What are Prepaid Expenses?

  1. Meaning and Overview
  2. Examples
  3. Prepaid Expenses Journal Entry
    1. Prepaid Insurance Journal Entry
    2. Prepaid Rent Journal Entry
    3. Prepaid Salary Journal Entry
  4. Are Prepaid Expenses Assets?
  5. Where do Prepaid Expenses Appear?
  6. Prepaid Expenses in Profit & Loss Account
  7. Prepaid Expense is Which Type of Account?
  8. Treatment in Final Accounts
  9. Revision Video
    1. Quiz
  10. Conclusion

 

Meaning and Overview

Prepaid expenses are those expenses which have been paid in advance and the related benefits are not received within the same accounting period. The benefits of expenses incurred are carried forward to the next accounting period. Prepaid expenses are treated as an asset by the business.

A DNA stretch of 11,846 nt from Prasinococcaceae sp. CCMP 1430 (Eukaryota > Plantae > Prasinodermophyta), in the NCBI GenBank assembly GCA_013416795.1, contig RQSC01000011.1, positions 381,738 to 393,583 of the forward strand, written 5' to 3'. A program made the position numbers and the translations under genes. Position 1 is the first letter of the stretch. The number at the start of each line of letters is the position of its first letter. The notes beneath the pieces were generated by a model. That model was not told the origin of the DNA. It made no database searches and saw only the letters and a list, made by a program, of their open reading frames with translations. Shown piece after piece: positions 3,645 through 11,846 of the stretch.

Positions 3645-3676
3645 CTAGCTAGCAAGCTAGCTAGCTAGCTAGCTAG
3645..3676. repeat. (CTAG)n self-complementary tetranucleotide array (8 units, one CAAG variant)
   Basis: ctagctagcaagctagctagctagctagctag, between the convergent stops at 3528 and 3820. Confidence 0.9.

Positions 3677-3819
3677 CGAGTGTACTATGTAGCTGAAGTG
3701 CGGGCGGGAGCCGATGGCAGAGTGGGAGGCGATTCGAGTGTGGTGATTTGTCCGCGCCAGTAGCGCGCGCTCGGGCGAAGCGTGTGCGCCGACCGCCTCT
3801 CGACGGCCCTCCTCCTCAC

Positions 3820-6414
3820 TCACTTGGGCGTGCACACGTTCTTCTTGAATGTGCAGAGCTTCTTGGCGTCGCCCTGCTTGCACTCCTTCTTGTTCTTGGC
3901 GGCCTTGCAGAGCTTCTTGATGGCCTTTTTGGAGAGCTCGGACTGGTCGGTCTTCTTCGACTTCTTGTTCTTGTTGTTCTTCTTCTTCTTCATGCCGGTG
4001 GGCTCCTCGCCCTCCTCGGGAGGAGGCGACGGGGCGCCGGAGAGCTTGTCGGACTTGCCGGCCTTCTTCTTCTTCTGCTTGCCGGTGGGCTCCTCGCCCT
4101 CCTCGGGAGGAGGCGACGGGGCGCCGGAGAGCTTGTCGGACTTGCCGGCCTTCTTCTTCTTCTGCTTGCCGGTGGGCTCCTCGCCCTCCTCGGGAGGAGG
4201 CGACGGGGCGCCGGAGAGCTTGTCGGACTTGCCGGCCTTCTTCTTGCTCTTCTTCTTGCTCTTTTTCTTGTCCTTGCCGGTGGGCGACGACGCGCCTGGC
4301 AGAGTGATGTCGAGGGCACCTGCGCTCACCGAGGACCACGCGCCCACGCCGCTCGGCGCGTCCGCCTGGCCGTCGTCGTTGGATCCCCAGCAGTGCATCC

Examples – Prepaid salary, prepaid rent, prepaid subscription, etc. They are recorded in books of finance at the end of an accounting period to show the true numbers of a business. They are also known as unexpired expenses or expenses paid in advance.

Prepaid Expenses Summary

 

Examples

Company-A has a rent obligation of 80,000/year that is due every time on the 10th of Jan, this year the company decides to pay double that is full rent in advance for next year.

The amount paid in advance for next year is 80,000 which is prepaid and termed as a “prepaid expense” for Company A.

At the end of the period, this “amount paid in advance” impacts the financials of the business. Such a transaction is supposed to be journalized.